by Laura Crum
As some of you may know, my husband died recently of a rare and aggressive form of cancer. We were together for seventeen years and had a very happy marriage and a good life and I will always be grateful for that. But this is a time of overwhelming grief for me.
I've decided to try to keep going with the series of posts about how I developed my little property, because one of the few things that still engages me a bit and brings me some small comfort is tending this place, which Andy and I both loved and which bears everywhere the signs of our devotion to it and our fondness for the process of creating the kind of home that we both wanted.
I wrote the following installment awhile ago, and have not really finished it or polished it, but I'm putting it up today just as a way to get started again. I appreciate any kind thoughts and prayers sent my way, but have not got much heart for interacting on the internet (or anywhere else) right now, so forgive me if I don't respond.
The Next Step
Those of you who have purchased real estate will know how convoluted the next step of my process was. I called the number on the old and crooked real estate sign outside the gate of the place I’d stumbled upon. It was not a local office. I described the property I had seen and they said they had no record of it. I said their sign was there. They said they would call me back. They did not. I called them again. This went on for days.
But eventually they “remembered” that oh yes, they had listed this property for a client. It had been on the market for a year and no one had shown any interest in it. They had just forgotten about it.
At this point I chose myself a pleasant guy for a real estate agent, and I had him contact the other office. Things went quicker after that. We got permission to walk the property lines and my agent looked up the title. A few problems presented themselves.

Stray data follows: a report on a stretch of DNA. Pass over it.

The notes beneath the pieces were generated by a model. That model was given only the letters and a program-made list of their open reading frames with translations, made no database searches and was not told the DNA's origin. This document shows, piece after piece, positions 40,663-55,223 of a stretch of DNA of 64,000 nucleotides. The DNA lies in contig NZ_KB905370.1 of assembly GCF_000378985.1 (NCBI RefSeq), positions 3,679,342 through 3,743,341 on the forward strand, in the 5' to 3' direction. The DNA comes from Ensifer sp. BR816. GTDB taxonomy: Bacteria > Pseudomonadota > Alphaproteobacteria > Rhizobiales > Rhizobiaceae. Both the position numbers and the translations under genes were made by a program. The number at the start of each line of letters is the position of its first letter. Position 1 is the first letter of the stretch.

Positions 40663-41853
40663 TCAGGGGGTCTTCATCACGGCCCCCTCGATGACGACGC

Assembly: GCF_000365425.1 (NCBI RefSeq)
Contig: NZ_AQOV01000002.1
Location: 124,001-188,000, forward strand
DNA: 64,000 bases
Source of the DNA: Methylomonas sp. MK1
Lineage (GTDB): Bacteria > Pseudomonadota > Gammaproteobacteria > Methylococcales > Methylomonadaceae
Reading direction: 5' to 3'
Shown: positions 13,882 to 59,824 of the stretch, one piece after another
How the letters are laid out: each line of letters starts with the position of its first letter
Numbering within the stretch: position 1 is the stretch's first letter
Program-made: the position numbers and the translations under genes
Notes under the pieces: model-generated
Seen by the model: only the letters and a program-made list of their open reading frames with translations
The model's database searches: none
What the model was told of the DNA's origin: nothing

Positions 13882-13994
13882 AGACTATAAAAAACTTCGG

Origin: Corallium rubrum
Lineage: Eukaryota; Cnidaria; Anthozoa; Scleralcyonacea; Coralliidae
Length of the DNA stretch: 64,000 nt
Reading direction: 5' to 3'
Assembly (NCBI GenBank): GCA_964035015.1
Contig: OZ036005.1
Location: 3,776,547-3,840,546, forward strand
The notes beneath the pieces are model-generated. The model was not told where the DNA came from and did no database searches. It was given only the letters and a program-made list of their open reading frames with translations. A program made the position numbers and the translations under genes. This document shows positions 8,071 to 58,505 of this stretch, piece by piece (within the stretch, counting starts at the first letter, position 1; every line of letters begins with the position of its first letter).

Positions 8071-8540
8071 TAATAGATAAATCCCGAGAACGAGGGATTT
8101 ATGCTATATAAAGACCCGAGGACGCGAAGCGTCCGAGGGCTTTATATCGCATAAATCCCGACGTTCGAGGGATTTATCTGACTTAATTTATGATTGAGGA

There are always problems when it comes to buying real estate, it seems. I am not going to go into the particular problems we had here, because they are, quite frankly, not very interesting to write or read about. I will just say that it took time to work through them, but we did. I never wavered in my conviction that this was the property I wanted. The price was reasonable. It was also all the money I could possibly come up with. There would be nothing left over for building a house.
I know that some people would have taken out a loan, built a house, and still be paying off their mortgage, twenty years later. I am not those people. I never wanted to be in that kind of debt. Instead I sat down and thought about what I really wanted to do with the property. I spent time with this. Almost a year.
I owned my property and I visited it almost every day. Mostly I just sat and stared at it from various vantage points. Should the barn go here? Or here? Where could I have a riding ring? Where should the house go?
The property was not a blank slate. It was only two and a half acres of land, but there was plenty of topography to it. There was much to consider when siting the house, barn, corrals and riding ring—to name my original primary objectives. A year was not too much time to think this through.
There is so much that seems to be ignored when many people develop a property. Where will the sun come from at different times of day, what exactly can be seen from this spot or this spot? I paid attention. After a year I understood many things about the land I had bought.
I knew that I wanted the house site to be at the back of the little cup-shaped bowl that formed the rear acre of the property. This was the most private spot. From here one could not see another house—from any angle. And this privacy was what I wanted. The little round hollow in the hills faced south and would get good mid-day sun and winter sunshine. I knew that the only practical spot for a riding ring was in the middle of the bowl. Thus the barn and horse corrals would be built on the lower slope of the property, in the grove of liveoaks.
After sorting these things out, the next step was to bring in the bulldozer. Because there was no level ground—just a gentle, constant slope. And houses, as well as riding rings, benefit from some level ground. Not to mention the driveway petered out about halfway up the hill. So the bulldozer was employed to create a house site and a level riding ring, as well as to finish the driveway. Thus we embarked on the creation of my small horse property.